Michael Bloomberg

Bloomberg LP thinks people should know the name of the person who is accusing it of fostering a “toxic” workplace for women along with instances of harassment.

The media and finance terminal company demanded in New York court last week that the woman who sued it in early June — a former saleswoman who alleges during her 18 months with Bloomberg she experienced a “gender-biased” culture that is demeaning and prohibitive to women, was urged to “dress provocatively” and that female coworkers were ranked by “hotness,” among other things — reveal her full identity in order for the case to go forward.

“Plaintiff’s claims of employment discrimination, retaliation and sexual harassment — the latter of which is premised on one alleged comment about plaintiff that was reportedly relayed to her secondhand — do not constitute the type of highly personal and intimate matters that courts have found to be worthy of protection in other cases, nor has plaintiff established any risk of harm if she were to proceed using her true name,” Bloomberg lawyers wrote in a court motion.

Bloomberg is arguing effectively for a public revelation of the woman, as it said in its motion that it is “already aware of plaintiff’s identity.” The company said this in arguing against the woman’s contention that revealing her name would put her at “risk of retaliatory or physical harm.” From Bloomberg’s point of view, “no such ‘risk’ of retaliation exists given that plaintiff no longer works at BLP.”

“Since there is no risk of retaliation if plaintiff were compelled to proceed with her true name, the presumption of open judicial proceedings outweighs plaintiff’s interest in proceeding anonymously,” company lawyers wrote.

Bloomberg did not address the possibility of other sources of retaliation or harm. But it went on to argue that the woman, who is seeking at least $5 million in damages and filed under the name Joan Doe, but divulged her age, gender and role at the company, is improperly using her anonymity “as both a sword and a shield.” 

Lawyers tried to position her naming of her former manager, Lloyd Preece, as an individual defendant in the case as evidence of this. The woman accused Preece, then a sales manager of Bloomberg’s lucrative terminal business, of trying to see up her skirt by sitting under a clear staircase in the company’s New York office. On another occasion, she claims that Preece told colleagues it was “red day,” a reference to her wearing red underwear. Both of these instances the woman learned of after colleagues informed her.

Although the woman claims she complained to human resources, she said no action was taken. And she claims to have been retaliated against afterward, as once positive performance reviews turned negative and she was denied opportunities to advance, according to the complaint.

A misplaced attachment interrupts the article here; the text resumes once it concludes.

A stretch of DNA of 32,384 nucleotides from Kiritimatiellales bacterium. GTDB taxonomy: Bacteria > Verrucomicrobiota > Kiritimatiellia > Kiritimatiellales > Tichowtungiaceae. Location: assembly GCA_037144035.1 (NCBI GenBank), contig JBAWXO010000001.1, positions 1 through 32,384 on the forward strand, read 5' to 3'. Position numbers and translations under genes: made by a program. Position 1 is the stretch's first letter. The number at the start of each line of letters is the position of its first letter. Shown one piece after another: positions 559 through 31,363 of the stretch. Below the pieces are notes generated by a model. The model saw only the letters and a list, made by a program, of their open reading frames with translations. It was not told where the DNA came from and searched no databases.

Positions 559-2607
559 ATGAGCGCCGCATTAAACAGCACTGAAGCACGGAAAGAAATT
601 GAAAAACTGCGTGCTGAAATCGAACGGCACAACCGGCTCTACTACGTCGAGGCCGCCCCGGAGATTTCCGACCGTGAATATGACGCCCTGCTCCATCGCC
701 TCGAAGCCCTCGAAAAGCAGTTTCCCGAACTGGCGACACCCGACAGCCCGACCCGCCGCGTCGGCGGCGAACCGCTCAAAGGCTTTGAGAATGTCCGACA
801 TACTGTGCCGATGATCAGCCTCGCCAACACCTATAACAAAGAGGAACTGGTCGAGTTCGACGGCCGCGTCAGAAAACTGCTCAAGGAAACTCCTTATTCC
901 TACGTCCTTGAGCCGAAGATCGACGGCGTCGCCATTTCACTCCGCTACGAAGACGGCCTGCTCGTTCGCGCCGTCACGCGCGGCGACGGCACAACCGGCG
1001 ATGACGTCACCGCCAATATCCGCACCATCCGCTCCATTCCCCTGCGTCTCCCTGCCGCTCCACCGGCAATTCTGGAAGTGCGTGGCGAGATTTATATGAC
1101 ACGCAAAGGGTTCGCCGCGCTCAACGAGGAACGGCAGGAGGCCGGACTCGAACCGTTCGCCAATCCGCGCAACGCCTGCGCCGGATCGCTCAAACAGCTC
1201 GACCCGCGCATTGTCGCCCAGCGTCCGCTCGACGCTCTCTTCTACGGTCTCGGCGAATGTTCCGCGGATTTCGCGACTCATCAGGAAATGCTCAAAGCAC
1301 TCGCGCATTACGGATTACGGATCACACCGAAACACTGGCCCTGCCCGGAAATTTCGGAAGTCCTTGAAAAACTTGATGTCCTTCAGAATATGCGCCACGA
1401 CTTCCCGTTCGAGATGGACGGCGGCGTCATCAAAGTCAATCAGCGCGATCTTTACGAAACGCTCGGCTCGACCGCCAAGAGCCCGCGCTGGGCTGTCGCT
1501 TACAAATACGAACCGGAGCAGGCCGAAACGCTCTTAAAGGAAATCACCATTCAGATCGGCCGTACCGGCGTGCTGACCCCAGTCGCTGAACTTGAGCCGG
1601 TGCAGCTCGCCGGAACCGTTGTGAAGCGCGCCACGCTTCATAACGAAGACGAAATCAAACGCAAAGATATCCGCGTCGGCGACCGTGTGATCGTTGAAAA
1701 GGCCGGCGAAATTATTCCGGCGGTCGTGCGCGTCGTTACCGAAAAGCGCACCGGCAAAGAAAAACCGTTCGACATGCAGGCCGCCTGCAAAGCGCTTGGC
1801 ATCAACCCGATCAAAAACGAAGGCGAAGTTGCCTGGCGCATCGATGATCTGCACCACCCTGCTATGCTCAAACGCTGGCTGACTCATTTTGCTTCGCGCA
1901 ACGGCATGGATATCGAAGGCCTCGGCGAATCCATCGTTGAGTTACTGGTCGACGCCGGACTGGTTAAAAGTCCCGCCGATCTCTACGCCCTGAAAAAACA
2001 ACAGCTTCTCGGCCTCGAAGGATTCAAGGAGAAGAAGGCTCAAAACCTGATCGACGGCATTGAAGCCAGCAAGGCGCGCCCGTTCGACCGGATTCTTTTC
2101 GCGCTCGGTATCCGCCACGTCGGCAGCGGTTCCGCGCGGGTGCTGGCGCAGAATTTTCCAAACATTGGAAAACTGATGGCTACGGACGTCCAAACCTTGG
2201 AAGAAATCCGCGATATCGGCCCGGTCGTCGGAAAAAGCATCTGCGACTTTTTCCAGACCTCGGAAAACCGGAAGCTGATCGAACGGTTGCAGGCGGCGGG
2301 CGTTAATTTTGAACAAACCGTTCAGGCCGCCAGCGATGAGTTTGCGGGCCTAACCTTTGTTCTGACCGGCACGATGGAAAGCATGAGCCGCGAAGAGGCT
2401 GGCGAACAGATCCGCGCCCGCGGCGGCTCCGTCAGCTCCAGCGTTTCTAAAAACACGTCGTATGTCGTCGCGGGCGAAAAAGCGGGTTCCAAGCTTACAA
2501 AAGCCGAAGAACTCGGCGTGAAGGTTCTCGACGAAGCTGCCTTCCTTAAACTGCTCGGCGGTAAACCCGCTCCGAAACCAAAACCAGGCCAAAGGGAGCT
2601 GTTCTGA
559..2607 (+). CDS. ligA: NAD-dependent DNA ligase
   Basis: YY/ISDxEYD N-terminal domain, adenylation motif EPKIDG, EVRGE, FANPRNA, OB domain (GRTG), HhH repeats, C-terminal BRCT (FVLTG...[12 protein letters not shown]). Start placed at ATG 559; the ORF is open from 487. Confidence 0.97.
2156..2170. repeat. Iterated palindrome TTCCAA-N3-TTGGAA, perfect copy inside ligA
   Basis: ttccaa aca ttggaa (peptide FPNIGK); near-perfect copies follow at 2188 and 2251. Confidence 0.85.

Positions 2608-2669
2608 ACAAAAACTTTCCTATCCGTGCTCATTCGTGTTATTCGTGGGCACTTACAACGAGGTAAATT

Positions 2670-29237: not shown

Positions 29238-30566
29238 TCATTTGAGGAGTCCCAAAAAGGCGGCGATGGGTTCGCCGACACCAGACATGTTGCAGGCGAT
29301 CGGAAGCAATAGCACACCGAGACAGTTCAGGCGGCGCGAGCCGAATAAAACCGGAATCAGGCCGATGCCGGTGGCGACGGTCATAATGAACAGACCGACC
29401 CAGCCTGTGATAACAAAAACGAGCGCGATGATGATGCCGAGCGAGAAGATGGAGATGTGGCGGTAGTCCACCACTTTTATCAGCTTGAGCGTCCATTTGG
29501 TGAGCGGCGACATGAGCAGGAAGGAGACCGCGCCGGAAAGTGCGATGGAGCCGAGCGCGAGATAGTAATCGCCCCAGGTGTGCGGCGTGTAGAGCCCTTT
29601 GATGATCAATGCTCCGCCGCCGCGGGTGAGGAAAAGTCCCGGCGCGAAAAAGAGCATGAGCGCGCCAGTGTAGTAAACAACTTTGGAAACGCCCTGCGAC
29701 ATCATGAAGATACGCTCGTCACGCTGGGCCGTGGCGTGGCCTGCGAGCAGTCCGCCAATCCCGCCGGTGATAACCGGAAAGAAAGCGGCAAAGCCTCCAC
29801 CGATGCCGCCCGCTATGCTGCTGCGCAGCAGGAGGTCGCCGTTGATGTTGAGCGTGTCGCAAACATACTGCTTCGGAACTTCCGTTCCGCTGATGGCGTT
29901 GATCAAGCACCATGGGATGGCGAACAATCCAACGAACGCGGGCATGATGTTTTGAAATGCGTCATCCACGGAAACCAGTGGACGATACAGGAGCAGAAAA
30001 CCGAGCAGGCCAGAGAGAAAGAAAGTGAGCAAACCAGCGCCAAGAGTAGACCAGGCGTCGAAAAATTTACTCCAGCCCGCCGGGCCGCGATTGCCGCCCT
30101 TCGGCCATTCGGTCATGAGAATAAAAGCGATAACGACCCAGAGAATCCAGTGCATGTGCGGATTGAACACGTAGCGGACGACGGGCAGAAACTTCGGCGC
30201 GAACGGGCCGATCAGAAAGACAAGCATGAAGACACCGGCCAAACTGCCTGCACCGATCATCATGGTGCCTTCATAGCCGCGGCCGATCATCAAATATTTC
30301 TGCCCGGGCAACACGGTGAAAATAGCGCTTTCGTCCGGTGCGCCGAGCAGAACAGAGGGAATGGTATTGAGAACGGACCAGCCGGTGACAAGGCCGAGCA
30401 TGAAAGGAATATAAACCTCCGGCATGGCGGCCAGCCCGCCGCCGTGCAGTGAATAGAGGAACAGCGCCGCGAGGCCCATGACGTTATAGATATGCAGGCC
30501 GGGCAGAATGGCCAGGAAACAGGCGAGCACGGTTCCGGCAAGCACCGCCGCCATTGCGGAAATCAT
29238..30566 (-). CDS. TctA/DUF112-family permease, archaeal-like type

In Bloomberg’s push for her to reveal her identity, the company contends the woman was fired “for recurring performance and conduct deficiencies,” and that all of her claims are based on secondhand sources.

“Plaintiff does not allege that Mr. Preece made this statement to her, or that she personally heard him make this statement,” Bloomberg lawyers said, referring to the underwear claim. “She also does not allege any physical touching or assault. Plaintiff’s other allegations about a purported sexist ‘culture’ at BLP rely upon second- and third-hand reports and recycled allegations made in lawsuits filed by her attorney on behalf of other clients (lawsuits that themselves rely mostly on hearsay), rather than plaintiff’s personal knowledge or her own alleged experience at BLP.”

The woman’s attorney is Donna Clancy, who has represented women in actions against Bloomberg on at least two past occasions. She could not be reached for comment. But as was reported during billionaire founder Michael Bloomberg’s recent and brief run for president, the company has faced dozens of complaints alleging harassment and creating a toxic culture for women since it was founded in 1981.

The media and finance terminal company contends the woman also has to reveal her name on a technicality, claiming she did not go through the proper verification process for filing an anonymous complaint.

But more than anything, Bloomberg argued the perceived hypocrisy of the woman remaining anonymous to the public while she uses the names of Preece and some other Bloomberg employees in her lawsuit in describing the alleged “toxic, misogynistic and hyper-masculine workplace culture” she faced at the company.

“It is fundamentally unfair to allow plaintiff to proceed behind a cloak of anonymity when she appears to have notified the media about her complaint to garner publicity for her unproven allegations against BLP and Mr. Preece,” Bloomberg lawyers write. “She should be required to publicly stand behind the serious charges she alleges in the complaint.”

The company argued that the first reporter to contact its press officer about the lawsuit for a story in Business Insider did so 11 minutes after the complaint was filed in the online court system, a time frame it characterized as “near instantaneous” and proof that the reporter was given the papers in advance. Business Insider wrote a lengthy story in March on Bloomberg’s negative workplace culture based on dozens of current and former employees.

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